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Pension Fund Withdrawal and Phased Retirement Combined

 

Important 2015 Update

 
While the information below still remains valid, a lot of the functionality of Phased Retirement arrangements have effectively been superceeded by the introduction of Flexi-Access Drawdown Pensions. These perhaps offer ever greater flexibility than Phased Retirement contracts, although existing Phased Retirement plans that are in place can continue to operate as before.
 

Overview

 
This option combines phased retirement and pension fund withdrawal (now known as 'Drawdown Pension'). You may set up a phased retirement arrangement but, instead of using the segments encashed to purchase an annuity, they can be used for income withdrawals. This gives control over the continuing investments as well as the ability to defer annuity purchase.
 
By only phasing in the part of the pension fund you need, and not being restricted to buying a fixed annuity, you can, if you so wish, defer buying all annuities indefinitely. You can build up your income as and when you wish, with the added flexibility of varying the income between certain limits. With the continued investment in a tax-efficient environment and the ability to take a series of tax-free cash lump sums as part of your income, this option offers you the maximum flexibility for tax planning purposes.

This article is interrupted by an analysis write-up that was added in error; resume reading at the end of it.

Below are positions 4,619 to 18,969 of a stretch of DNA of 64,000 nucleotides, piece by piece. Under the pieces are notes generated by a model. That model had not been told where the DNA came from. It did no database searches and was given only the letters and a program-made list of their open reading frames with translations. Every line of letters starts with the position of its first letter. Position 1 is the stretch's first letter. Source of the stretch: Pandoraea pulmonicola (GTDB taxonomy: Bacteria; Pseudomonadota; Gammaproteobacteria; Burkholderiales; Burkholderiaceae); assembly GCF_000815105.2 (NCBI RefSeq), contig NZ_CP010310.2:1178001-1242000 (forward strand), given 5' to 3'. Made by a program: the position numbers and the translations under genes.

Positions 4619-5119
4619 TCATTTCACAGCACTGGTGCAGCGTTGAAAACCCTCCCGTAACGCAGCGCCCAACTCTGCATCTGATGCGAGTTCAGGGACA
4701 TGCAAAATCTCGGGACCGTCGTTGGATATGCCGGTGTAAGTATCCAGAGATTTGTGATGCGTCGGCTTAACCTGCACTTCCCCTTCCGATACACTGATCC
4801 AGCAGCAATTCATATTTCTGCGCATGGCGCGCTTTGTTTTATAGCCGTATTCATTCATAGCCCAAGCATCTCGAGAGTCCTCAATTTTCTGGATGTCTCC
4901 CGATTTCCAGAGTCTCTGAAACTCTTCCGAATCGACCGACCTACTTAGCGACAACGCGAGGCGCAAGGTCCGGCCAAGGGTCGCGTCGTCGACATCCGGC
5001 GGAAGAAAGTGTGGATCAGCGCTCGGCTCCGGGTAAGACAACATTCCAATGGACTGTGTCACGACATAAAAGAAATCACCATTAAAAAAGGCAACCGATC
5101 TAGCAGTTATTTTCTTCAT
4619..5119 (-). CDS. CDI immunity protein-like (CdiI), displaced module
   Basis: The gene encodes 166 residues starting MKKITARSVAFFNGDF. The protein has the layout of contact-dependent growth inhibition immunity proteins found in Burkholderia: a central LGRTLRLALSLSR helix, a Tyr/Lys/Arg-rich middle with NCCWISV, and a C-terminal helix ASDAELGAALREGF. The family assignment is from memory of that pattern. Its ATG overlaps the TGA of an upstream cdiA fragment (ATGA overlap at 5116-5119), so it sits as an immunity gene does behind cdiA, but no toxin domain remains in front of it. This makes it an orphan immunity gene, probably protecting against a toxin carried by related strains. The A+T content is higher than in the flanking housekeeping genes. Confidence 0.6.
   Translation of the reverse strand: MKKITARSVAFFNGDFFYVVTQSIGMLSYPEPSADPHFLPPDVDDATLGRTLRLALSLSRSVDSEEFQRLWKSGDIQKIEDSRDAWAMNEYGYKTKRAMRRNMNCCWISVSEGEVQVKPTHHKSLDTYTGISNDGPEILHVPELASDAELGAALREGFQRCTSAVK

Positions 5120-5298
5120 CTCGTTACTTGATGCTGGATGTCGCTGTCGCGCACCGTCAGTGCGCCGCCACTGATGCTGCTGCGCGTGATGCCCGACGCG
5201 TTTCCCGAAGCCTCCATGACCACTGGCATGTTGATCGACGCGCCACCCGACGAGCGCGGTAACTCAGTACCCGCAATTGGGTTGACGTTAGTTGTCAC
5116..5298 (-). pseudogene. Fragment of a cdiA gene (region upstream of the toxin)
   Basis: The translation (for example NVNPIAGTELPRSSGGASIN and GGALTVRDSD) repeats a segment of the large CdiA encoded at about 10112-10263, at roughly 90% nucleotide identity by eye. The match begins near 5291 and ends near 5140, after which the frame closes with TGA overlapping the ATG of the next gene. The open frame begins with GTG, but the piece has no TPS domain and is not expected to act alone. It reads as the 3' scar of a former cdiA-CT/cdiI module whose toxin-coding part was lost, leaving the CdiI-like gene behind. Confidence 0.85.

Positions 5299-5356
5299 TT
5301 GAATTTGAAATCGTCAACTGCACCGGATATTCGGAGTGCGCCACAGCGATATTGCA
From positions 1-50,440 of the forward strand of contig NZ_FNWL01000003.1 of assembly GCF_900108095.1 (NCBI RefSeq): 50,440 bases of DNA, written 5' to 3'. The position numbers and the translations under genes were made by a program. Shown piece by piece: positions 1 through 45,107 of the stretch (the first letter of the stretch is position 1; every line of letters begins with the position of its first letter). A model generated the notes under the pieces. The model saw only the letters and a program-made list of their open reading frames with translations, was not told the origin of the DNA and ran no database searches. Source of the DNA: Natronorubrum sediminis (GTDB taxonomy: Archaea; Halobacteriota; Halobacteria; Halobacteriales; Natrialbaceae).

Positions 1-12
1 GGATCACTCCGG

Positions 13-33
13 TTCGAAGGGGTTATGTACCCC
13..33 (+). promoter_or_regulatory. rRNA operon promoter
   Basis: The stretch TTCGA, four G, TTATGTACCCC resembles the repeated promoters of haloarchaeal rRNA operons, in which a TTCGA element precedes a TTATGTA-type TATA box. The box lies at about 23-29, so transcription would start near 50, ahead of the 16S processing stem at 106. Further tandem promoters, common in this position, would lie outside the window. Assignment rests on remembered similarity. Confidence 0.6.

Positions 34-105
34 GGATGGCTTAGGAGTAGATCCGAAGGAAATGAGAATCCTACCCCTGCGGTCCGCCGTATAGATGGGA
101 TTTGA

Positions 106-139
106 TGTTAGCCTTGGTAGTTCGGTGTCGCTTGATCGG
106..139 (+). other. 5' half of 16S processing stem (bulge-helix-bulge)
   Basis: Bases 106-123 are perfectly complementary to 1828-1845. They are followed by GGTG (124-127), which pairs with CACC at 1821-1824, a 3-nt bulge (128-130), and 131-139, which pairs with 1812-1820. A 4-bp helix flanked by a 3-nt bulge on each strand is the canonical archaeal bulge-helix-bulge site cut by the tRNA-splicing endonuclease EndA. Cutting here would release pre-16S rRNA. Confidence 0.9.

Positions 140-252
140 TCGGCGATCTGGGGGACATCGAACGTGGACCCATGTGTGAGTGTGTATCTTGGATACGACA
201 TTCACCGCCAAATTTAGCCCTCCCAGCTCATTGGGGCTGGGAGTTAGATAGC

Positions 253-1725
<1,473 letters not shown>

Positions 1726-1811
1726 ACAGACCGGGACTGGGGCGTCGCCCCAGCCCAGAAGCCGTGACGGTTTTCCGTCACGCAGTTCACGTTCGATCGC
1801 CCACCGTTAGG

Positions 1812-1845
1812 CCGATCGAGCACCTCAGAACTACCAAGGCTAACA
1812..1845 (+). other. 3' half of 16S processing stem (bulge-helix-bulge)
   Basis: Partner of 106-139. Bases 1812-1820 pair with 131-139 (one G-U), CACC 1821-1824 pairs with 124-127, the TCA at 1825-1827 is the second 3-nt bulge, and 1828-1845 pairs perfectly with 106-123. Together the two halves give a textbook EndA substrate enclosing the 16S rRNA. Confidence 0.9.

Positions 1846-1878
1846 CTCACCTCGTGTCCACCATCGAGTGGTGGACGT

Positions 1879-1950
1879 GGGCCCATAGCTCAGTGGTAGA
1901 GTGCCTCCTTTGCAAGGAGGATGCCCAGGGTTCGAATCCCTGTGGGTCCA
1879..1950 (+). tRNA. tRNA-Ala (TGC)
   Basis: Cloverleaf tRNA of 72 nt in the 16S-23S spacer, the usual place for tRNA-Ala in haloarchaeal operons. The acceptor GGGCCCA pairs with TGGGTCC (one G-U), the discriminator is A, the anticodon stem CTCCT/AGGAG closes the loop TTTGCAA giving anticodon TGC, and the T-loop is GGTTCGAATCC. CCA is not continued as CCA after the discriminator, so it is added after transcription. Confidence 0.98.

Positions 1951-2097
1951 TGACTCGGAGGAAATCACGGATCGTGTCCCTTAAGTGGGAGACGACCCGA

Investment strategy & management

 
The value of the fund, the income you withdraw each year and the final pension you purchase will all be dependent upon the careful management of the funds remaining invested. It is therefore essential that a good investment strategy be adopted when starting this type of plan. Where a combination of phased retirement and Drawdown Pension is entered into, this makes the investment process particularly complex as it will require a combination of the two strategies, as referred to in the previous pages.
 

What happens if you die ? / death benefits

 
The benefits available to your nominated survivor depend on how much of your pension fund remains invested. In respect of the segments not yet encashed for drawdown, the value of the fund can either be paid as a lump sum, used to purchase an annuity or used for pension fund withdrawal.
 
In respect of the fund already being used for Drawdown Pension, there are generally several options available:
 
  • Receive a cash lump sum, subject to a tax charge of 55%.
  • Purchase an annuity.
  • Continue taking drawdown withdrawals indefinitely, or purchase an annuity (or a series of annuities).
 

Taxation Issues

 
As part of the income can be taken as tax-free cash, only the part used for income withdrawal is subject to income tax. Funds remaining invested continue to benefit from the tax efficient environment of your pension fund.
 
If, on death, the remaining fund in drawdown is paid as a lump sum, a tax charge of 55% is applied.
 
Any lump sum will be paid free of inheritance tax.
 

Advantages of phased / pension fund withdrawal combination plans

 
The combination option gives you a high degree of control over your tax planning.
 
  • It gives the flexibility to defer annuity purchase.
  • It gives the flexibility to take income withdrawals in stages.
  • A level of income appropriate to your needs can be obtained in a tax efficient manner.